Sunday, January 10, 2010

Private Religious Tests

The Founding Fathers agreed that government -- at least at the federal level -- shouldn't be able to impose formal religious tests. See Art. VI, Cl. 3 of the US Constitution. But what of private religious tests? (I.e. I want to vote for the "Christian" candidate.) They are permitted in the sense that the voter is allowed to vote for whomever s/he wants, for whatever reason.

John Jay has an oft-repeated quotation that encourages private religious test in favor of "Christians."

“Providence has given to our people the choice of their rulers, and it is the duty, as well as the privilege and interest of our Christian nation, to select and prefer Christians for their rulers.”

Yet, what turned out to be minimal "Christian" standards required for public vetting -- for instance, the "Christianity" of the first half dozen Presidents, perhaps the majority of American Presidents -- was a formal or nominal affiliation with a Christian Church and identification with the Christian label. That's it.

Since Washington's Presidency, there has been no successful "precedent" for privately vetting a Presidential candidate's "Christianity," with a strict confession of orthodox faith (i.e., "Do you George Washington believe in a Triune God? Do you believe the Bible the inerrant, infallible Word of God?), even though many orthodox (Timothy Dwight, William Linn, Jedidiah Morse) wished there were.

The republican form of federal elections that the Founding Fathers established almost landed someone as bad as Aaron Burr in the Presidency.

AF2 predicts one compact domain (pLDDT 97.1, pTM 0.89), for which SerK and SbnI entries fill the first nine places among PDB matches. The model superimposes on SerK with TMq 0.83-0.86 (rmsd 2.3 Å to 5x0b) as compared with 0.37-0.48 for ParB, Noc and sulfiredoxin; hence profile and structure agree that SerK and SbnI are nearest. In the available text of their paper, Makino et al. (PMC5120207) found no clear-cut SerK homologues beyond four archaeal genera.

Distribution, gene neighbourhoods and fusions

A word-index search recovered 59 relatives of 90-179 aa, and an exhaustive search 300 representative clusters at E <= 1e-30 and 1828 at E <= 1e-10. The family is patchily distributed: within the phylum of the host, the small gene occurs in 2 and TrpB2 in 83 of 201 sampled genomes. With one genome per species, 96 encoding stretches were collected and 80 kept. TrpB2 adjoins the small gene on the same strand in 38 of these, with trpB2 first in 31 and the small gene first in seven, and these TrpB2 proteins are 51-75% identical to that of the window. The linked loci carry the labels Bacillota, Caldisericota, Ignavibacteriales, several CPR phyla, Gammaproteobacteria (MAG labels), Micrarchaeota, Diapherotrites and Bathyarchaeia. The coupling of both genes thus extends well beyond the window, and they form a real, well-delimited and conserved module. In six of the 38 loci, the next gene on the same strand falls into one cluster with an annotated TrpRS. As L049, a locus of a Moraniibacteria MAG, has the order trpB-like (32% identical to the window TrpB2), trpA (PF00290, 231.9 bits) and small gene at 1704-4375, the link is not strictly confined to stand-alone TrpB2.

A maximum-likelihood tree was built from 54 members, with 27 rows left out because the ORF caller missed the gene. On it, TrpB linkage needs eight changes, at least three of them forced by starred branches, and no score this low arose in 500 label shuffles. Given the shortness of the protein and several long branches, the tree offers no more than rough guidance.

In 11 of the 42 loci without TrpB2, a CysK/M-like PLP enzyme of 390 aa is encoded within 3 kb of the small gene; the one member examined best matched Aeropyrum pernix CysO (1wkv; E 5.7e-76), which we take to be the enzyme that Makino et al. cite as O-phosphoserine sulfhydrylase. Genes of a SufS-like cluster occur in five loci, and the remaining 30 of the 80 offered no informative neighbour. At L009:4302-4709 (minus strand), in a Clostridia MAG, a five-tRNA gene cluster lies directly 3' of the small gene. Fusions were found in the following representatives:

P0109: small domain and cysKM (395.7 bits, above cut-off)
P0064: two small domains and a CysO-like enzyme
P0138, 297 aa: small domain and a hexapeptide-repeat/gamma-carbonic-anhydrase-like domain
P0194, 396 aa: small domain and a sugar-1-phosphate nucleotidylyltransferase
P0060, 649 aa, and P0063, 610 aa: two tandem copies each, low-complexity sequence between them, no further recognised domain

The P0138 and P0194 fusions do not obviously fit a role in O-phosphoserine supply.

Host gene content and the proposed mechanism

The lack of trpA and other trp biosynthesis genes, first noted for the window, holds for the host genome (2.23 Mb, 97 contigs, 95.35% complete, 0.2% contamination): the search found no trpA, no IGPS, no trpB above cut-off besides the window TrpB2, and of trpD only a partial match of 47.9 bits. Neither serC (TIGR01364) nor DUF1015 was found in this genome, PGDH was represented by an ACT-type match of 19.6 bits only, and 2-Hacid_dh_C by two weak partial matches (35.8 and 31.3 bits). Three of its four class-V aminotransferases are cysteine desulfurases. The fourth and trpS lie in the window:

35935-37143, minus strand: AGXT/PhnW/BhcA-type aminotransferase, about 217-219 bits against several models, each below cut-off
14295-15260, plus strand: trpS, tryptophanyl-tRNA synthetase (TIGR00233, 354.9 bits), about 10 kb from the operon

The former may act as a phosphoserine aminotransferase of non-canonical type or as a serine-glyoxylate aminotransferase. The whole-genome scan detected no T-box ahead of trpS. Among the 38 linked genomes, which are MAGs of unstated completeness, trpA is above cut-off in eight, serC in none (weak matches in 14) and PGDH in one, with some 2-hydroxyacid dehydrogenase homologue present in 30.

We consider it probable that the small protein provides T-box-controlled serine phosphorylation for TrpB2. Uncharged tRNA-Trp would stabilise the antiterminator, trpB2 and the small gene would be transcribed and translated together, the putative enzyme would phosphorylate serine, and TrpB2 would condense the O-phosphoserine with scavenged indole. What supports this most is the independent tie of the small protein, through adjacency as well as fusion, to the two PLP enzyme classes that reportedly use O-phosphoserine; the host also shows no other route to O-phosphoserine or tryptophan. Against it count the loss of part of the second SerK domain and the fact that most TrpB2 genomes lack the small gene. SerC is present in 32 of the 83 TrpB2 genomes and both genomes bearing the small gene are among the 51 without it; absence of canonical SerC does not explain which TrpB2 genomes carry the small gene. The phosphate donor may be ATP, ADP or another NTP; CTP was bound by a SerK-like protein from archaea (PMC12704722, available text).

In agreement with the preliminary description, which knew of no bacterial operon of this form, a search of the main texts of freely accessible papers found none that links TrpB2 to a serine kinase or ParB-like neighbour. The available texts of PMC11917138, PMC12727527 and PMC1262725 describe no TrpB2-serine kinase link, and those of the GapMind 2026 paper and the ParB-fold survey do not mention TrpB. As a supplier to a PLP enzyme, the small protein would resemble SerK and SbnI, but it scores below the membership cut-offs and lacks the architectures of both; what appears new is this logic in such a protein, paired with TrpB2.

Washington started many informal Presidential precedents, one of them was religious aloofness, or trying to be all things to all people when pinned down, religiously.

So the "Christianity" of the first four or five Presidents turned out to be, in principle, not much different than the Roman Catholicism of Jack Kennedy, the Quakerism of Richard Nixon, the Southern Baptistism of Bill Clinton, and the unorthodox Christianity of Barack Obama. Jimmy Carter and GWBush stand as the most "orthodox" of Christian Presidents in the modern era, hence the most "Christian" of modern Presidents.

(Reagan? He certainly believed in Providence and thought himself a "Christian." However, it's not clear where he stood on the Trinity, Atonement, Jesus as personal savior. Perhaps someone can enlighten me.)

Perhaps it's better that American Presidents and politicians aren't subject to effective private religious tests like John Jay suggested. It would likely burn too many of them. Orthodox theologians don't necessarily make for the most effective American politicians (see Carter and Bush). By avoiding specific confessions of faith, American federal politicians are effectively shielded from "heresy hunters."

Even the great "John Jay" has given rope with which the heresy hunters could hang him. Though Jay is conceded as one of the "authentic" orthodox Christian notable Founders, one could argue Jay may not have been a "Christian." Or at least that he doubted his Christianity and flirted with Arianism.

As Jay noted in a private letter:

"It appeared to me that the Trinity was a Fact fully revealed and substantiated, but that the quo modo was incomprehensible by human Ingenuity. According to sundry Creeds, the divine Being whom we denominate the second Person in the Trinity had before all worlds been so generated or begotten by the first Person in the Trinity, as to be his coeval, coequal and coeternal Son. For proof of this I searched the Scriptures diligently -- but without Success. I therefore consider the Position of being at least of questionable Orthodoxy."

-- John Jay to Samuel Miller, February 18, 1822. Jay Papers, Columbia University Library.

Do you think he would feel comfortable with a Trinitarian confession of faith for public office?


Tom Van Dyke said...

I don't recall much resistance to Joe Lieberman's Judaism in 2000. The Trinity doesn't have much to do with anything, then or now. Only certain Calvinists and their secular sympathizers


use doctrinal differences like the Trinity as a cudgel against the Christian origins of America.